A successful query will return a list containing only those users that successfully met your search criteria. An unsuccessful query will result in an object with just the kind and etag properties.

A search query consists of three elements:

  1. Field: These are the searchable properties available to you. Note, that they don’t always match the property name in the users’ JSON object. It is best to find the corresponding field name in the docs. For example, if you  want to search by the first name then you would use the field givenName. Likewise, if you wanted to search by job title you would use the field orgTitle.
  2. Operator: This is how you want to query the field. You can use the following operators:
    1. =  (Equal to) Strings, numbers, dates and booleans.
    2. : (Contains text) Strings.
    3. :{PREFIX}* (Text starts with) String.
    4. :[{MIN,MAX}] (Field within a range) Numbers, dates.
    5. > (Greater than) Number date.
    6. >= (Greater than or equal to) Numbers and dates.
    7. < (Less than) Numbers and dates.
    8. <= (Less than or equal to) Numbers and dates.
  3. Value: These are the values you will use to search either as a complete value on its own or part of a range or a partial value, depending on the operator that you choose and the value type. Values can be strings, booleans, numbers or dates.

Writing a Query in Google Apps Script

A basic example of applying a query to your Admin Directory List method would be something like this:

In this example, we have run a search for anyone in our Google Workspace account with the title ‘Goat’.  You can still also apply other queries to the list object like orderBy or viewType.

Searching Custom Fields in Custom Schema

To search a custom field in a custom schema you can reference the schema followed by the field ID. For example:

 

Let’s go into more detail for each of the value types.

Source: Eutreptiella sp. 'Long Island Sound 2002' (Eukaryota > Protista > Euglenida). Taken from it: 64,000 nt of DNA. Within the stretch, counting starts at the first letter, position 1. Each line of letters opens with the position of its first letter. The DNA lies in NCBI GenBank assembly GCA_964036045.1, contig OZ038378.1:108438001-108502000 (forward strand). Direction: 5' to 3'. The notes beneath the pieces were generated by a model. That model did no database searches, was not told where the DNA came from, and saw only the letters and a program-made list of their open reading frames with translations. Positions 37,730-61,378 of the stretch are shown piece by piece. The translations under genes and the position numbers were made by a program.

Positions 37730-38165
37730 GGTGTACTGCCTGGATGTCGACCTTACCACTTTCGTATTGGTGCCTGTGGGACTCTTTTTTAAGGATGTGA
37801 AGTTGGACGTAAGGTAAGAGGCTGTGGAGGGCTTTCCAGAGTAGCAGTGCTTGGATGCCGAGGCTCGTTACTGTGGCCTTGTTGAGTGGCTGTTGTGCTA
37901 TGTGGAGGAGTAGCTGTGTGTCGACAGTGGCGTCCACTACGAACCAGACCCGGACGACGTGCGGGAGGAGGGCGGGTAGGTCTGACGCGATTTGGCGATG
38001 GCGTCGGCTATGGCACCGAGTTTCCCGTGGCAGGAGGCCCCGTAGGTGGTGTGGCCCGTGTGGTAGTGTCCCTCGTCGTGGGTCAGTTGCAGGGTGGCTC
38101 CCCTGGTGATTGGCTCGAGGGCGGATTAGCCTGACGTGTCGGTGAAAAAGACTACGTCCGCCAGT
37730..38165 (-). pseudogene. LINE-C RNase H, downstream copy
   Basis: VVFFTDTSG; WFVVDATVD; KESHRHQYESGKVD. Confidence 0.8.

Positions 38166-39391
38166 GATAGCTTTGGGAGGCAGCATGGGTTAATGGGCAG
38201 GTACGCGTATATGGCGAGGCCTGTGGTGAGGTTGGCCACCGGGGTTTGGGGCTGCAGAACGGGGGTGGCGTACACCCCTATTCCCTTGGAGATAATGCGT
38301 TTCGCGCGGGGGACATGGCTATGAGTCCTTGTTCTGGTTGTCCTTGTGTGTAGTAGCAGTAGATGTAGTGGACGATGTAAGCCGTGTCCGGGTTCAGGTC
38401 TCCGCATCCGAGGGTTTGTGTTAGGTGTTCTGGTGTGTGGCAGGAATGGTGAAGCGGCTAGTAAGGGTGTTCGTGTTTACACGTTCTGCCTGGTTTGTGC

Text (String)

Any of our user properties that have a string value like text, email or phone numbers can be searched if they have a corresponding field reference or custom schema found in the search docs.

Search equals

Let’s say we want a list of everyone in the same “Finance” department then we could run the following query:

There are a couple of things to note here. First, the entire query is encapsulated in a text string. You can use single quotation marks, double quotation marks or backticks for this.

Spaces count. If you don’t have any leading spaces in our search, do not add them. Ensure there are no spaces between your query field, your operator and your query.

Queries are not case sensitive. You can use upper or lowercase (like in the example) to get the same result.

Spaces and Apostrophies (‘)

Let’s say you have a search query to find all of your organisation’s staff who are in a particular location. Here we will use the addressLocality field to search for the same town or city. We will call our town, ‘Tragos Landing’.

Spaces in the query announce a new query so we will need to find a way around this.

There are generally three approaches:

  • Replace your spaces with a”+” symbol.

  • Change your string encapsulator from a single quotation (') to double quotations (") or backticks (`).

  • Escaped single quotation marks. If you are a devout single quotation acolyte and simply must use them (weirdo), you can escape them.

You can also use the escape method to escape apostrophes. Let say our location is now ‘Yagi’s Place’. Our query would look like this.

Search contains

The Search contains (:) query allows you to search a selected field in each of your users for a set of text that contains a certain value.

Let’s say we want to query all the users with ‘Manager’ or ‘Managing’ in their job title.

This might result in a list containing titles like this:

  • Managing Director
  • Feed Manager
  • Manager
  • Management Relations

Note that the search text can appear anywhere in the user’s field value.

Starts with

We can modify the text contains operator by appending some text with the wildcard symbol (*), :{PREFIX}*.  Let’s say we want to search to all the names of our users that start with ‘La’:

This may result in a list of users like:

  • Lauren
  • Lance
  • Larry

…but not, Blake, because the ‘la’ contained in the name is not at the start.

Boolean

Boolean values (true or false) can be found in the following fields:

  • isAdmin
  • isDelegatedAdmin
  • isSuspended
  • isEnrolledIn2Sv
  • isEnforcedIn2Sv
  • or any custom schema that your admin has assigned a boolean value.

We can only apply the equal to (=) operator to boolean fields. A boolean query would look like this:

Number

There are no number values in the standard user fields. However, your administrator may have created a custom user field with a value.